Alleluia! Alleluia! Alleluia! It's great to be able to sing this
joyful phrase again. Our Divine Office & Liturgy resounds with it at every
opportunity, as though making up for 6 weeks of Lent!
We wish you & all your loved ones
many blessings this Easter-tide.
Today is the Feast of the Blessed Sacrament. St. Francis de Sales
tells us "Jesus comes to us - this beloved of our souls - &
finds our hearts all full of desires, affections & petty wishes.
This is not what he seeks, for He hopes to find them empty, that He
may make Himself their Master & Ruler."
We are in retreat for the whole of this week. Time for extra prayer,
& amid the hustle & bustle of all that's going on in our lives right
now, time to enter a still place & in gentleness & quiet to unite
ourselves & all the sufferings of our world with our suffering Lord.
As we watched the Holy Father's Inauguration Mass on the feast of St
Joseph, his words reminded me of the prophet Micah's words, giving
us the 3 qualities necessary to live a good life; simple words that
speak volumes, "To act justly,tolove tenderly & to walk humbly with
our God." As we approach this last week of Lent - Holy Week, perhaps
it is a good time to really digest the Pope Francis's words words.
He called us to take on the role of protectors "Today,
amid so much darkness we need to see the light of hope. To be men &
women who bring hope to others, to protect creation, to protect
eveyone & look upon them with tenderness & love. To open up a
horizon of hope, to let a shaft of light break through the heavy
clouds." He stressed that we must not be afraid of goodness &
tenderness & must protect with love, all that God has given us. A
challenge for these very special days as we begin the journey of
Tomorrow we celebrate the feast of St Joseph & we have the
Inauguration of our new Holy Father, Pope Francis. What a wonderful
day of celebration for us all. How excited our sisters in Argentina
must be. We have a monastery in Pilar, near Buenos Aires, (our Holy
Father's recent Bishopric) & in Rio Cuarto.
Bat-ing-ham Palace is almost finished, the workmen ran out of
cladding, so once this is remedied, plus fitting the doors &
gutters, hopefully by mid-week, all will be ready. Click 'We're
Moving' then 'The Future' to see the progress.
Our grounds are full of snowdrops, they are the first flowers to
make an appearance at this time of the year, & a welcome sight after
the winter barreness. They even make an appearance through the snow,
the fragile white bells blooming from the cold earth, ringing to
waken nature from it's winter sleep. Their latin name 'Galanthus'
comes from 'gala', milk, & 'anthus', flower. I found 3 small legends
about them. Firstly when Adam & Eve were expelled from paradise it
was during a heavy snowstorm & it was very cold. A few snowflakes,
while watching Eve, became frozen & decided to turn into snowdrop
flowers to end the long winter. So the Snowdrop is a flower of hope.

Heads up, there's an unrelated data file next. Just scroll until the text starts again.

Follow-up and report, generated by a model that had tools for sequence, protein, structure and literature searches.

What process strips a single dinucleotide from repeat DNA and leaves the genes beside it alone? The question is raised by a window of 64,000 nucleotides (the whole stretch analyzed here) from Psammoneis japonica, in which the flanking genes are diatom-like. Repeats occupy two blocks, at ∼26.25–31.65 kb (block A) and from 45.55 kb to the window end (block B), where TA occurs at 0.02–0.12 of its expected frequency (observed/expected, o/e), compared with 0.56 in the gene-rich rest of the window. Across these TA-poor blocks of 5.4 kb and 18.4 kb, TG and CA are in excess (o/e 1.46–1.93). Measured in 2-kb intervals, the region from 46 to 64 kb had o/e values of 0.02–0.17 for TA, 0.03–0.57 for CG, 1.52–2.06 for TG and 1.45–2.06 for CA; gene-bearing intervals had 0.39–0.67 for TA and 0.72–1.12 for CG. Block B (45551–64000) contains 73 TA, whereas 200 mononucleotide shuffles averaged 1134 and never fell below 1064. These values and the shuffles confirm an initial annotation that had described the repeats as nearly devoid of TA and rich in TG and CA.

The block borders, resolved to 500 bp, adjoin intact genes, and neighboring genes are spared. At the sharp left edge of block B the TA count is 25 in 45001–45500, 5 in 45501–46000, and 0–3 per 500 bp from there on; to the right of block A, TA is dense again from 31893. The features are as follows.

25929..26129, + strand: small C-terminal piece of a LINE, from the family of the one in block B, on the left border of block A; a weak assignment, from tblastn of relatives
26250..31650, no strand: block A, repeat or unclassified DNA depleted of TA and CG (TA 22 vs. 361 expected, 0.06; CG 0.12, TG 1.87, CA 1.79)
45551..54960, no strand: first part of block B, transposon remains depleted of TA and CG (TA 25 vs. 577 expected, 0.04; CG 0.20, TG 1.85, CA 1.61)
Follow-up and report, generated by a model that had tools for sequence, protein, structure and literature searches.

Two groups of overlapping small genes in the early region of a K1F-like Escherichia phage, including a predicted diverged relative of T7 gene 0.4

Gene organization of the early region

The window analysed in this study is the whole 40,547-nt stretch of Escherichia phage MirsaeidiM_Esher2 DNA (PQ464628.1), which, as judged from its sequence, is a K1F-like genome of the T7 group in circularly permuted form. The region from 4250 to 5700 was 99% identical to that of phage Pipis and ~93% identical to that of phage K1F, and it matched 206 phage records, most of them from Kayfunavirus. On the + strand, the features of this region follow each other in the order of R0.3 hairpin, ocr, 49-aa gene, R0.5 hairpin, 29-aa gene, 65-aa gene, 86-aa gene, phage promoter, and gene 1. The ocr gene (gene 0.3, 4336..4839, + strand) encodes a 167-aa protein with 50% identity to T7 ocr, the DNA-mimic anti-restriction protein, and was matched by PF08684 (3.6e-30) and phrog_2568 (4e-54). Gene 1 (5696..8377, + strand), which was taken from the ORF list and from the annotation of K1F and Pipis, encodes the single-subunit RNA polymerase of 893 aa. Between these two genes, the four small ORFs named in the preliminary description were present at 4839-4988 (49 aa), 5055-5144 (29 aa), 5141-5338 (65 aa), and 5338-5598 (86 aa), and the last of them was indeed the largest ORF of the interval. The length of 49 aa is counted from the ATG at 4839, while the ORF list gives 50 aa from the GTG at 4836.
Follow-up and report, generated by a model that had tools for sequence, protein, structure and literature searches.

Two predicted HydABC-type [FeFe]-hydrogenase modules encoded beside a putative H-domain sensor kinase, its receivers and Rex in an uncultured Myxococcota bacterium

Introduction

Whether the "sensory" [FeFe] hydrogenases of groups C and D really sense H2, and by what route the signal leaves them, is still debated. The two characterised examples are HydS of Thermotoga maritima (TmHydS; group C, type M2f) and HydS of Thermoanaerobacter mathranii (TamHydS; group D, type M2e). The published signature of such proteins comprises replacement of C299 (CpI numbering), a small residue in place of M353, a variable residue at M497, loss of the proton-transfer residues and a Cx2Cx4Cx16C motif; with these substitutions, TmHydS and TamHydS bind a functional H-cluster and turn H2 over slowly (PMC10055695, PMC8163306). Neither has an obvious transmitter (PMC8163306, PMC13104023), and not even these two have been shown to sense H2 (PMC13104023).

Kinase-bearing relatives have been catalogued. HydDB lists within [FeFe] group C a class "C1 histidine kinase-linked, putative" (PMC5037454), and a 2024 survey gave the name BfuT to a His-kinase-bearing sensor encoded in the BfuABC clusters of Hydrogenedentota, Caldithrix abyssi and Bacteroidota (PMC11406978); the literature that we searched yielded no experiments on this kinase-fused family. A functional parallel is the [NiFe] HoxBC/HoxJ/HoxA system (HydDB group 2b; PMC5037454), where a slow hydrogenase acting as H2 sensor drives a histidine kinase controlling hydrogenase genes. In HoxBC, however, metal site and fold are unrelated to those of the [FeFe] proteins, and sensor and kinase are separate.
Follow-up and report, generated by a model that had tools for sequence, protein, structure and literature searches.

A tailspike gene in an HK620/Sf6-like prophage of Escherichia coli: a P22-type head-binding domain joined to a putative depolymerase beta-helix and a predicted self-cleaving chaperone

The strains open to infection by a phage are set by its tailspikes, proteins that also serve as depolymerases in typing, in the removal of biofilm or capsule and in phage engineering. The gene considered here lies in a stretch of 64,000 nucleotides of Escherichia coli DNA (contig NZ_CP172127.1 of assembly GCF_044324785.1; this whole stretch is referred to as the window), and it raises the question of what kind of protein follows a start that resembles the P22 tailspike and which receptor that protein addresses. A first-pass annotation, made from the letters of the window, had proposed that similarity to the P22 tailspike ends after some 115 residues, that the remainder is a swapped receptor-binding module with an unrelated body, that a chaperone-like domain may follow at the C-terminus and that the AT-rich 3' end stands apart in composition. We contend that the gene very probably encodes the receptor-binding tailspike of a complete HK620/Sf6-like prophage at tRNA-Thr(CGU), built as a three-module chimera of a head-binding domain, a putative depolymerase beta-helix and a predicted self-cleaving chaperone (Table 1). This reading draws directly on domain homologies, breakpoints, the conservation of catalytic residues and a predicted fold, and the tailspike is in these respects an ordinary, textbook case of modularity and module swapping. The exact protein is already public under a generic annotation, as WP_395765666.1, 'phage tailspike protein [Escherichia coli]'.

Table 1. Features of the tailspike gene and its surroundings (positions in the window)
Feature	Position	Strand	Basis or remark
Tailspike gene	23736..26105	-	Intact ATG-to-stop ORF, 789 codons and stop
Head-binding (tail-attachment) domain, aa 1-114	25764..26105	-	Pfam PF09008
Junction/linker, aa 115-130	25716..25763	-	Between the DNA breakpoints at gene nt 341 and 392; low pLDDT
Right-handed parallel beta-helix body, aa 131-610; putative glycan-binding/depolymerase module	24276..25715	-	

The 2nd legend says the godess Flora gave a carnival costume to all
flowers, Snowdrop received the white one which he shared with Snow,
they played & danced together & enjoyed each others company so much
that now every Spring they are together. Lastly there is a Russian
legend that once apon a time Grandmother Winter & Grandfather Wind &
Cold decided not to let Lady Spring come to earth. All the flowers
became scared of Winter & wilted. Snowdrop was the only brave flower
to straighten up & show it's petals. As a result Father Sun noticed
it, warmed the earth & let Lady Spring arrive.
We live through the seasons of life just as we live through the
seasons of the year, and like nature's seasons they are continually
changing, challenging, unpredictable & often surprising. So these
early days of Lent have proved with the Holy Father's news.
Every Thursday, before the first Friday of the month we have a Holy
Hour. Last night we had a special one, a time before the Blessed
Sacrament, when we held the Holy Father in prayer. We enfolded him
in love & gratitude as he laid down his Office. Our prayers continue
for him as he embarks on this new & different chapter in his life's
journey. On February 2nd this year, the Feast of the Purification, &
a special day of prayer for Religious, Pope Benedict gave a
beautiful homily, part of which can be read if you click the picture
'Almighty & everlasting God,
who has given your faithful servant Benedict
grace to maintain his faith & hope in you
amid the labours of his apostolic ministry;
graciously bestow upon him, we pray,
the consolations of your Holy Spirit
and uphold him in serenity of life.
Through Christ Our Lord.'
Amen Prayer for Pope Benedict XVI at the conclusion
his ministry as Bishop of Rome & Supreme Pontiff.
"I will lead her into the desert
and speak to her heart."
In Lent God leads us into the desert. In this lonely, barren
place we are able to see things more clearly because there are fewer
distractions, so be sure you have your eyes, & the eyes of your
heart, opened wide.
click on picture
Lent is also known as a 'little springtime.' Isn't that lovely?
Spring is the season of newness, the new birth of much of nature, we
find buds on the barren trees, we see the spring bulbs just about